Peter Rowlands says Welsh Labour face a tough contest in forthcoming elections
The elections due on May 6th in most of the UK will all be significant, but particularly those in Scotland, where an expected SNP win is certain to trigger a renewed call for an independence referendum. The issue has however loomed much larger in Wales than in any recent election, and could be a key factor in determining the outcome.
There are currently 60 Members of the Senedd (MS) – previously Assembly – who, like the Scottish Parliament and the London Assembly, are elected by a proportional ‘additional member’ system, which includes 20 out of the Senedd’s 60 seats.
Labour has controlled the Welsh Government since the 2007-2011 coalition with Plaid Cymru (PC), albeit technically in a coalition since 2016 with the one Lib Dem MS. Poll ratings were dire for much of 2020, but picked up in the autumn, partly perhaps reflecting Labour’s generally well perceived handling of Covid-19 in Wales, although this has been less so in the last two months. However, a recent (January) poll showed Labour down by four points, with PC up two and the Welsh Greens up by three – a doubling of their previous support.
How can this be explained? Labour’s poor showing could reflect concerns about their recent handling of Covid, and in part probably does. But the reason for the shift to PC and the Greens is likely to lie elsewhere.
In 2020 there was a significant increase in support for Welsh independence. However, this didn’t manifest itself as an increase in support for PC, but in a huge increase in membership of Yes Cymru (YC), an organisation committed to Welsh independence but not a political party as such. In September 2020 a poll for them showed 32% support for independence – 51% among Labour voters. An average of polls now indicates about 23% support for independence – slightly down from the summer of 2020, but well up on the 12% of 2014. Support grew in 2019, with a number of well attended marches. YC have not (yet) urged support for PC, but unless Labour switches to a policy of independence, which is out of the question, it is difficult to see that they won’t. (There are two small nationalist parties who are unlikely to achieve more than a small vote.)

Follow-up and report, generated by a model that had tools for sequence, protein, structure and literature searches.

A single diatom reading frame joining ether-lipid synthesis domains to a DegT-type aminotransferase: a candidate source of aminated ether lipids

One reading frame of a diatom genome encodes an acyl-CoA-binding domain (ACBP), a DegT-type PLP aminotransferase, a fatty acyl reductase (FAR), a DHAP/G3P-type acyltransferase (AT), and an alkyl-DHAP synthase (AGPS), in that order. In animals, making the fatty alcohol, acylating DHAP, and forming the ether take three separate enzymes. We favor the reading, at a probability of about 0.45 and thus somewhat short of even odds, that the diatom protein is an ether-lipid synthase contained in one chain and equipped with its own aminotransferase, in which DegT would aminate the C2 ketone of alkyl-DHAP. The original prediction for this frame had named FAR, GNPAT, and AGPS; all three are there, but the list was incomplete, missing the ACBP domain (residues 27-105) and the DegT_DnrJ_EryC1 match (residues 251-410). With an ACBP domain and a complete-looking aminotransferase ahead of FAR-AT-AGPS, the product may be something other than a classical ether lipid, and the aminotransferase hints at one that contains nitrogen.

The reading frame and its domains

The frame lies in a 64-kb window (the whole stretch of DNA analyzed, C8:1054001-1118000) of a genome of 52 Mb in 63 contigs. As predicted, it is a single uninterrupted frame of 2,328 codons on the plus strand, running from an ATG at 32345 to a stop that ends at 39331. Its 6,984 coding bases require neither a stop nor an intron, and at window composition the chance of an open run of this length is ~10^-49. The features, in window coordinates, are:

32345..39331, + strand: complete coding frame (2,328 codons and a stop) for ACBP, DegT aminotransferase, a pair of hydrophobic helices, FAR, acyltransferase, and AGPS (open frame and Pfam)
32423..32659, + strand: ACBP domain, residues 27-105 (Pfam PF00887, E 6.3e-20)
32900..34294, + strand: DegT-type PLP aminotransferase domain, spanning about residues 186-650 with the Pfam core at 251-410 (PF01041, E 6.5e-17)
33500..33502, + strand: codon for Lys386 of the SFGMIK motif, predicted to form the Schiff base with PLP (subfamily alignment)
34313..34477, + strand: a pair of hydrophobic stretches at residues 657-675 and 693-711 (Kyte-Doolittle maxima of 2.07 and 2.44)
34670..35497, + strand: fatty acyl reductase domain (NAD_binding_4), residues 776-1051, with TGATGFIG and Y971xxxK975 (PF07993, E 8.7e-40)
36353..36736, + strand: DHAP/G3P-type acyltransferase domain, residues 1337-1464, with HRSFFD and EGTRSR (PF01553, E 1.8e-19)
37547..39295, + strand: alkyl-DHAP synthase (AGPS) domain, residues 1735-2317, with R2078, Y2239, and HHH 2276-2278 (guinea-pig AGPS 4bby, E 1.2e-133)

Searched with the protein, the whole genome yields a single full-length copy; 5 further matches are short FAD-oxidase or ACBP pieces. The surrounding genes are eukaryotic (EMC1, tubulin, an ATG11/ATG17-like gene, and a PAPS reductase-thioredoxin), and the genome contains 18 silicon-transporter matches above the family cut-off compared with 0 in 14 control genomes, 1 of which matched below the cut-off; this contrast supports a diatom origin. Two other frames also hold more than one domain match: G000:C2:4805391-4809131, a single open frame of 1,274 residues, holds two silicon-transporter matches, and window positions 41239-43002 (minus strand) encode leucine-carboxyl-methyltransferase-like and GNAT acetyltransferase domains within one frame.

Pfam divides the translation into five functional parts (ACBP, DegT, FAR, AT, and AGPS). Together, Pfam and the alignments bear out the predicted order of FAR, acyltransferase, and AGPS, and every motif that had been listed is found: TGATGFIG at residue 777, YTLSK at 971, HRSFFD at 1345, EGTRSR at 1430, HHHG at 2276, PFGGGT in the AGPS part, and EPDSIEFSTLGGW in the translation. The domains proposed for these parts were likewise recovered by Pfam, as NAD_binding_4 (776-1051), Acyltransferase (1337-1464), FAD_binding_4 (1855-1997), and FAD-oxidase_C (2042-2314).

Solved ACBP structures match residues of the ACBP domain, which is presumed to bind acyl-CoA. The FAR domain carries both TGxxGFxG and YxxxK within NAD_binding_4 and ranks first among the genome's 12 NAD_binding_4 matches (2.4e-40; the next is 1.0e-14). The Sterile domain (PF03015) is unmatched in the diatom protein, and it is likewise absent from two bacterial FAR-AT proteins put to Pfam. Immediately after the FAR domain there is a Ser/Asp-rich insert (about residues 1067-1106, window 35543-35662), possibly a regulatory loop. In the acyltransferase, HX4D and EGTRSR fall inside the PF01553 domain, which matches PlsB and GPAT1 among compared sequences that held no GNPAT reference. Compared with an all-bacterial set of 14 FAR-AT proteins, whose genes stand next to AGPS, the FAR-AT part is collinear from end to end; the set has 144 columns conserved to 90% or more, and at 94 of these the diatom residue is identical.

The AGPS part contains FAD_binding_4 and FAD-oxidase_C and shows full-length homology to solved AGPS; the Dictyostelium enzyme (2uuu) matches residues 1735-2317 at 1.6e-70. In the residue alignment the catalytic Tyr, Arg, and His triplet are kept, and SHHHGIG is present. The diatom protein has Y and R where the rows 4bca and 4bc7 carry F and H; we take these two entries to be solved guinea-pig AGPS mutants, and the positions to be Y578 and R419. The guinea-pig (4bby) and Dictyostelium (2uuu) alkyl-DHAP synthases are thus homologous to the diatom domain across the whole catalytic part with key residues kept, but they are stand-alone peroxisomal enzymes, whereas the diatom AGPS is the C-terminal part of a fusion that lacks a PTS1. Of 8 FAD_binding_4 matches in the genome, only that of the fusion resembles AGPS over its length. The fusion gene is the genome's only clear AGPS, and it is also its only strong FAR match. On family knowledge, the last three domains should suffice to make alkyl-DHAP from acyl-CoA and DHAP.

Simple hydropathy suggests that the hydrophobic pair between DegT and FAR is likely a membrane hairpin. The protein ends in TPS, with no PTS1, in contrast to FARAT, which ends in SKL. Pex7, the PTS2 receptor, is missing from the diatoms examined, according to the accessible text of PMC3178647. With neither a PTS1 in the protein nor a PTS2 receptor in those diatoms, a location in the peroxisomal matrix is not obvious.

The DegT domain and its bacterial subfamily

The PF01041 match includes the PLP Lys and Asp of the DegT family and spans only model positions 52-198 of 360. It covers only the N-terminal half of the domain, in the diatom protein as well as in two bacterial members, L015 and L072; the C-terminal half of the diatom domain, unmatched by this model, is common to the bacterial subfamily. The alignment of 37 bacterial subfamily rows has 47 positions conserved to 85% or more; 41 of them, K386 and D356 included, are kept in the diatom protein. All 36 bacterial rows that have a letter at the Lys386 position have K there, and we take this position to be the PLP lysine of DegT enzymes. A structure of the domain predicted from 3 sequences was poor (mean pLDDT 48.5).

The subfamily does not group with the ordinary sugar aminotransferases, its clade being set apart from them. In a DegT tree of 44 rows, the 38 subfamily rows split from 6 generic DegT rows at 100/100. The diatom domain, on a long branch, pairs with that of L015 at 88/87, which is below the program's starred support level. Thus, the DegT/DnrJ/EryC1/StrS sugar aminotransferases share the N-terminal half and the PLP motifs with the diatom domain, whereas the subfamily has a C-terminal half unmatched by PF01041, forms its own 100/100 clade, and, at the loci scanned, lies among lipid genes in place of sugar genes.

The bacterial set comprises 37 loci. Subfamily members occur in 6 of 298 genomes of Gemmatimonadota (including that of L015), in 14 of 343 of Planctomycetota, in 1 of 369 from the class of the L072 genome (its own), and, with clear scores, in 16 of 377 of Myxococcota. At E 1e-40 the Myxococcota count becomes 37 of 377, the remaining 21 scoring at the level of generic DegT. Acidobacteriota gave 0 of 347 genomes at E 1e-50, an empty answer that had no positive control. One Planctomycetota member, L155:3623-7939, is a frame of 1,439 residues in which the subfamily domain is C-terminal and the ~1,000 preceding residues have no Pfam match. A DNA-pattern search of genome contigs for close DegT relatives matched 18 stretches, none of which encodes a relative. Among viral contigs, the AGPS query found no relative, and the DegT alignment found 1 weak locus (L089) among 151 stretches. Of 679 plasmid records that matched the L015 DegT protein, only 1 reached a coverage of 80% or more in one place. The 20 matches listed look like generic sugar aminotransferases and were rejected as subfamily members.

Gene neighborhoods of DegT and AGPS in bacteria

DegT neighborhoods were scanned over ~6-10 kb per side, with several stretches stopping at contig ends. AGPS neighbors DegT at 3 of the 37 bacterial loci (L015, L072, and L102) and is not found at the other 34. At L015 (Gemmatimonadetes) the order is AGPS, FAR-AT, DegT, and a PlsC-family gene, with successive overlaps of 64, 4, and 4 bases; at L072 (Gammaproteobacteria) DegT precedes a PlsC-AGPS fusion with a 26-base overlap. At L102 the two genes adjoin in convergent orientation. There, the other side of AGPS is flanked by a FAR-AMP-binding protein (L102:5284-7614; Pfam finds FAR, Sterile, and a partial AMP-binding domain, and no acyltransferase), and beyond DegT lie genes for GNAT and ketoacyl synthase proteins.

The reason for the recent increase in support for PC and the Greens is likely to reflect, in part at least, this rise in support for independence. The Greens only resolved to support independence last October, and the increase in their vote is likely to reflect a shift by previous Labour supporters, who would probably find the Greens more politically amenable than PC. This was after its move to a more centrist position under Adam Price following the more left-wing leadership of Leanne Wood, who was voted out in 2018.
However, Green votes at constituency level, which accounts for two thirds of the seats, are likely to go to PC, as Green candidates are mainly standing at regional level.
If such an increase happens it will mainly be at Labour’s expense, as the Lib Dem vote is small. The Labour left is broadly split between those who favour enhanced devolution, as advocated in the Radical Federalism document, and those who support the Labour for an Independent Wales organisation. Neither of these policies stands any hope of being adopted, as despite leader Mark Drakeford’s stance on the left, the right are broadly dominant in Welsh Labour. Opposition to a referendum, as in Scotland, would be likely to further increase support for PC.
The Tories are in disarray following a change of leader. Moreover, there is deep division between a pro-devolution group and those who effectively want to end devolution, with one MS having been effectively deselected. It should be possible to exploit these divisions, but ‘Red Wall’ factors and the vaccine may help to sustain the Tory vote. Meanwhile, the seven Tories originally elected for UKIP have all made bewildering and, for some, multiple changes in party allegiance – except for the egregious Hamilton, who remains a member of UKIP. They are all likely to lose their seats except, perhaps, for two, standing as Abolish the Assembly candidates.
The substance of what is proposed for independence varies, with a somewhat confusing range of alternatives from PC, including a confederal arrangement with the rest of the UK. However, the key problems would appear similar to those long aired with regard to Scotland: EU membership, trade, currency, constitution, monarchy etc…
Even if PC do much better than polls now indicate, it is highly unlikely that they will gain, or even approach, a majority; while Labour’s chances of achieving that look slim, although they could be boosted by the extension for the first time of the vote to those over 16. The likely outcome is a fractious and unhappy coalition between Labour and PC, given that a coalition between PC and the Tories would almost certainly be politically impossible, even if, as could well be the case, their combined seat total was a majority.
Whatever happens in May, support for independence in Wales, boosted by likely events in Scotland, is almost certain to grow in the coming period.